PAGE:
Factors thought linked to a higher or lower risk of prostate cancer may be seriously flawed due to detection bias, according to a study published in the Journal of Medical Oncology. According to the findings, men with certain personal characteristics and conditions, including benign prostatic hyperplasia (BPH), are more likely to get tested for cancer than others.
The study, “Biases in Recommendations for and Acceptance of Prostate Biopsy Significantly Affect Assessment of Prostate Cancer Risk Factors: Results From Two Large Randomized Clinical Trials,” has important implications for cancer research and prevention.
“We assumed that prostate cancers are diagnosed uniformly, but that’s not true,” the study’s first author, Dr. Catherine Tangen with the Fred Hutchinson Cancer Research Center in Seattle, Washington, said in a press release.
The study, which is the first systematic review of bias in prostate cancer biopsy, is based on data obtained during two major clinical trials: the Prostate Cancer Prevention Trial (PCPT) and the Selenium and Vitamin E Cancer Prevention Trial (SELECT). Both studies are from the Southwest Oncology Group (SWOG), which is part of the National Cancer Institute’s National Clinical Trials Network.
Researchers led by Dr. Ian Thompson, who was also the principal investigator in the PCPT and a co-investigator in the SELECT trial, analyzed data from more than 17,000 men in the placebo arm of the two studies. They then calculated the association between the risk of developing prostate cancer and factors such as age, ethnicity, family history, body mass index, and use of medications like statins.
At the end of the PCPT trial, all participants underwent a biopsy regardless of the level of prostate-specific antigen (PSA) in their blood. This provided unbiased data on the risk of developing prostate cancer. However, for the SELECT trial, a biopsy was performed at the discretion of the physician and in accordance with the preference of the patients, reflecting practices found in the general population.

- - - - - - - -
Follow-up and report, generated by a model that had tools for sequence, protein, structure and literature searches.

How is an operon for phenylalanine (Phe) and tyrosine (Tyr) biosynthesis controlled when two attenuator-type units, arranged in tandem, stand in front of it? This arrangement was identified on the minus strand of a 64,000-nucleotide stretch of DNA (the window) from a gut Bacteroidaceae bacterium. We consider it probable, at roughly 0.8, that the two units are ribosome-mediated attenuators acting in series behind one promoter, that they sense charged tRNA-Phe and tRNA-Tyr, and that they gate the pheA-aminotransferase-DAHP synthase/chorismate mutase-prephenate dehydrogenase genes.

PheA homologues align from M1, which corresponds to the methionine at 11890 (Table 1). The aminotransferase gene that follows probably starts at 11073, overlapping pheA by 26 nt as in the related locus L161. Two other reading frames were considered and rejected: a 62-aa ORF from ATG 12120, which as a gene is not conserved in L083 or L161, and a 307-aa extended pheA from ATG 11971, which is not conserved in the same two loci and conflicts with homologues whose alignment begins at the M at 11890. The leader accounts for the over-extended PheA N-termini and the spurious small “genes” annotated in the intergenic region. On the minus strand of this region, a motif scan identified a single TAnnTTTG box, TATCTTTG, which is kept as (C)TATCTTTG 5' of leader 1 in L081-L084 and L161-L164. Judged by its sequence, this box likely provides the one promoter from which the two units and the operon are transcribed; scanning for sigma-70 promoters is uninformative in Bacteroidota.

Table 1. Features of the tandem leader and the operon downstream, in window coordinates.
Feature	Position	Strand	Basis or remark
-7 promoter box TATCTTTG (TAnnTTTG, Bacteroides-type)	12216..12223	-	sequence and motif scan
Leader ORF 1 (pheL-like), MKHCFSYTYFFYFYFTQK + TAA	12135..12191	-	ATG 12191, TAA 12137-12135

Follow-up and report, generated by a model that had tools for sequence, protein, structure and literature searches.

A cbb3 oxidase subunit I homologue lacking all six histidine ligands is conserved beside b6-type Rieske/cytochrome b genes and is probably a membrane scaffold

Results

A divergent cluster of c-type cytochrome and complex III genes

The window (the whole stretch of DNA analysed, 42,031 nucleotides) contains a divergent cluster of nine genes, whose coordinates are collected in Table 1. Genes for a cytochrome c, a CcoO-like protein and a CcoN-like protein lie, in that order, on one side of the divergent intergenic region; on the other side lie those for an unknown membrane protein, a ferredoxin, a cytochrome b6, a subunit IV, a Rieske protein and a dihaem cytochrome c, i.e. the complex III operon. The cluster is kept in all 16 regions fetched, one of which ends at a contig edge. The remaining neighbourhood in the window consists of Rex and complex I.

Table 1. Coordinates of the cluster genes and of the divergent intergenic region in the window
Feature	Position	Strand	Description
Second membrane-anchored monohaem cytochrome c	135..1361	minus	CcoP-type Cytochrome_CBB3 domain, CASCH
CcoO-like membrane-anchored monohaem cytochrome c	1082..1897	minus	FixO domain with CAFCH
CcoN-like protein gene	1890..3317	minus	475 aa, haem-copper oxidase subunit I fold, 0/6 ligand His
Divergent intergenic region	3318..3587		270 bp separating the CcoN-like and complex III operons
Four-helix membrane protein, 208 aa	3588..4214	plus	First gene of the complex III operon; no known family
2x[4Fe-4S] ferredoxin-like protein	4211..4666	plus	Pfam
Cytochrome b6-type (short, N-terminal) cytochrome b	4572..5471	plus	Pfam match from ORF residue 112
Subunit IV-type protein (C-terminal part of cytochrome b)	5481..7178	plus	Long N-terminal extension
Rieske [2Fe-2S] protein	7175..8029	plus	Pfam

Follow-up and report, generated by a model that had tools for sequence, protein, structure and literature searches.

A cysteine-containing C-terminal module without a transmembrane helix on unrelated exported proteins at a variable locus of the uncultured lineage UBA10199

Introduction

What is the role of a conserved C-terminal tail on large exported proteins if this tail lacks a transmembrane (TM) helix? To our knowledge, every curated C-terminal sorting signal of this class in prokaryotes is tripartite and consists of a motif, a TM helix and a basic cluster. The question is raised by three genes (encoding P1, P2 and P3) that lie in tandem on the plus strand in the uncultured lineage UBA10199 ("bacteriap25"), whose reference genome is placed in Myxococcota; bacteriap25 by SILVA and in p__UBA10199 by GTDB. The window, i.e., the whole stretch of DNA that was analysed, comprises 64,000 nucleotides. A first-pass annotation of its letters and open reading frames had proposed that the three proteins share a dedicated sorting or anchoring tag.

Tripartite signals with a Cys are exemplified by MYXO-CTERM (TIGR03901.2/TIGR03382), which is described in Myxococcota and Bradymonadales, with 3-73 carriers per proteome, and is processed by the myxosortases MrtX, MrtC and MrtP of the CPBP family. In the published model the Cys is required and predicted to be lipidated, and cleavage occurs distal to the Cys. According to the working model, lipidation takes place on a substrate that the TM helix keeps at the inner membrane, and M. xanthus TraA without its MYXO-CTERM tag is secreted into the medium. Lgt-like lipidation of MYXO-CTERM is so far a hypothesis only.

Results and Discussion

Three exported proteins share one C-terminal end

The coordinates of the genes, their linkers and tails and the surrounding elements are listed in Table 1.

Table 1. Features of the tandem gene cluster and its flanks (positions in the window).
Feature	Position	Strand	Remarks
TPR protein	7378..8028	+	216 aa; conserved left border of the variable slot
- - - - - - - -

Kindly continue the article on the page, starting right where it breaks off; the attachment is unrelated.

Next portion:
The researchers then divided participants into groups, using comparisons that provide information about the impact of biopsy detection bias on prostate cancer risk estimates.
They found that some risk factor estimates varied significantly across the groups. Men who were younger, married, had benign prostatic hyperplasia (BPH), or a family history of prostate cancer were more likely to undergo biopsy regardless of the level of PSA level in their blood, compared to men who smoked, had diabetes, and/or had a body mass index of 25 or higher.
“We found a lot of variation in who got a biopsy. Risk and reality often didn’t line up,” Tangen said. “Risk factors for prostate cancer derived from epidemiologic studies not only may be erroneous but may lead to misdirected research efforts.”
“In medicine, we don’t want to do the wrong thing, and in research, we don’t want to look in the wrong places. Our work shows we may be doing both in prostate cancer,” Thompson added.
Dr. Alexander Kutikov, a urology surgeon at Fox Chase Cancer Center in Philadelphia who was not involved in the study, said: “This is an extremely elegant study that nicely illustrates the pitfalls that abound with interpretation of observational data. Primary care physicians should interpret any observational studies that report on associations with prostate cancer risk with extreme caution.”